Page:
Phoebe Wolfskill demonstrates how Motley's art embodied the tenuous nature of the Black Renaissance and the wide range of ideas that structured it. Focusing on key works in Motley's oeuvre, Wolfskill reveals the artist's complexity and the variety of influences that informed his work. Motley’s paintings suggest that the racist, problematic image of the Old Negro was not a relic of the past but an influence that pervaded the Black Renaissance. Exploring Motley in relation to works by notable black and non-black contemporaries, Wolfskill reinterprets Motley's oeuvre as part of a broad effort to define American cultural identity through race, class, gender, religion, and regional affiliation.
The artists Adrian Piper, Eleanor Antin, Anna Deavere Smith, and Nikki S. Lee have all crossed racial, ethnic, gender, and class boundaries in works that they have conceived and performed. Cherise Smith analyzes their complex engagements with issues of identity through close readings of a significant performance, or series of performances, by each artist. She examines Piper’s public embodiment of the Mythic Being, a working-class black man, during the early 1970s; Antin’s full-time existence as the fictitious black ballerina Eleanora Antinova for several weeks in 1981; and Smith’s shifting among more than twenty characters of different ages and racial, ethnic, gender, and class backgrounds in Twilight: Los Angeles. She also considers Lee’s performances of membership in cultural groups—including swing dancers, hip-hop devotees, skateboarders, drag queens, and yuppies—in her Projects series (1997–2001). The author historicizes the politics of identity by exploring each performance in relation to the discourses prevalent in the United States at the time of its development. She is attentive to how the artists manipulated clothing, mannerisms, voice, and other signs to negotiate their assumed identities. Cherise Smith argues that by drawing on conventions such as passing, blackface, minstrelsy, cross-dressing, and drag, they highlighted the constructedness and fluidity of identity and identifications. Enacting Others provides a provocative account of how race informs contemporary art and feminist performance practices.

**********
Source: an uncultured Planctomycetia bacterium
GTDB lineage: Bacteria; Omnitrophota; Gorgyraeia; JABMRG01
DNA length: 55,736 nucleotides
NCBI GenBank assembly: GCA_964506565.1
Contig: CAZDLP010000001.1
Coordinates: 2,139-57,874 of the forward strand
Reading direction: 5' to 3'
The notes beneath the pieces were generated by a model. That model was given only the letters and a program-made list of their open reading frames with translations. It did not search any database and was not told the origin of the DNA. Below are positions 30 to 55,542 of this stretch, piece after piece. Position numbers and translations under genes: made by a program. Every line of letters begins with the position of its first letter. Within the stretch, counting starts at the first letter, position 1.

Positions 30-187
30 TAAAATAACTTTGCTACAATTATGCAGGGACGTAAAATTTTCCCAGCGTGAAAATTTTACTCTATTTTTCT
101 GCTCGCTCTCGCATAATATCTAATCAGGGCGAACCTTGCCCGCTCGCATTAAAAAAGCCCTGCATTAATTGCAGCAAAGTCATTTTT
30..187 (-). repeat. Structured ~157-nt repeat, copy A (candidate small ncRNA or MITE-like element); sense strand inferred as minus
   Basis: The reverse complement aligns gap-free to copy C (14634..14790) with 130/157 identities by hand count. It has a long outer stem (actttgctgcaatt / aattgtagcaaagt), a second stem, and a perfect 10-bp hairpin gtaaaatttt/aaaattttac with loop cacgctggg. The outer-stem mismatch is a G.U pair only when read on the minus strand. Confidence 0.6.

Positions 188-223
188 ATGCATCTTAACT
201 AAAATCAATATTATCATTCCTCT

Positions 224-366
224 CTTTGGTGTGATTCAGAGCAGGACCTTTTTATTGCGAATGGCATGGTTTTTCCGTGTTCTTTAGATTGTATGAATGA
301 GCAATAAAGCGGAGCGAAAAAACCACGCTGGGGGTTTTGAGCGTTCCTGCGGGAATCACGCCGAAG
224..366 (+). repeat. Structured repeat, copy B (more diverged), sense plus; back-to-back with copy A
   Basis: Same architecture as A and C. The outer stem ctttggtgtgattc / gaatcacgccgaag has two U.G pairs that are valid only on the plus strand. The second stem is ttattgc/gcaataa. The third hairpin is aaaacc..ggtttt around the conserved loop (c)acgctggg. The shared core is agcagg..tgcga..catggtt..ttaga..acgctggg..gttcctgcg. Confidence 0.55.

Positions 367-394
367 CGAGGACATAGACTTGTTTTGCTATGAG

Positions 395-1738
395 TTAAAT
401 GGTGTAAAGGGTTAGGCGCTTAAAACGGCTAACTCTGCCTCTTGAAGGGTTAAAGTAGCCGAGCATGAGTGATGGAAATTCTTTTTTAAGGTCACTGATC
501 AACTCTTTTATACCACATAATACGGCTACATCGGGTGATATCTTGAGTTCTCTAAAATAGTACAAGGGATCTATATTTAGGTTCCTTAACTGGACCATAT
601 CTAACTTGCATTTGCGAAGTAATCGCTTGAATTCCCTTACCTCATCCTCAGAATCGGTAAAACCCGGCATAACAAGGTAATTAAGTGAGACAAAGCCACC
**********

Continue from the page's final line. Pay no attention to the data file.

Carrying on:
We use the term “modernism” almost exclusively to characterize the work of European and American writers and artists who struggled to portray a new kind of fractured urban life typified by mechanization and speed. Between the 1880s and 1930s, Latin American artists were similarly engaged--but with a difference. While other modernists drew from “primitive” cultures for an alternative sense of creativity, Latin American modernists were taking a cue from local sources, primarily indigenous and black populations in their own countries. Although these artists remained outsiders to modernism elsewhere as a result of their race, nation, and identity, their racial heritage served as a positive tool in negotiating their relationship to the dichotomy between tradition and modernity.
In Mestizo Modernism Tace Hedrick focuses on four key artists who represent Latin American modernism—Peruvian poet Cesar Vallejo, Chilean poet Gabriela Mistral, Mexican muralist Diego Rivera, and Mexican artist Frida Kahlo. Hedrick interrogates what being “modern” and “American” meant for them and illuminates the cultural contexts within which they worked, as well as the formal methods they shared, including the connection they drew between ancient cultures and modern technologies. In so doing, she defines “modernism” more as a time frame at the turn of the twentieth century, marked broadly across the arts and national boundaries, than as a strict aesthetic or formal category. In fact, this look at Latin American artists will force the reconceptualization of what modernism has meant in academic study and what it might mean for future research.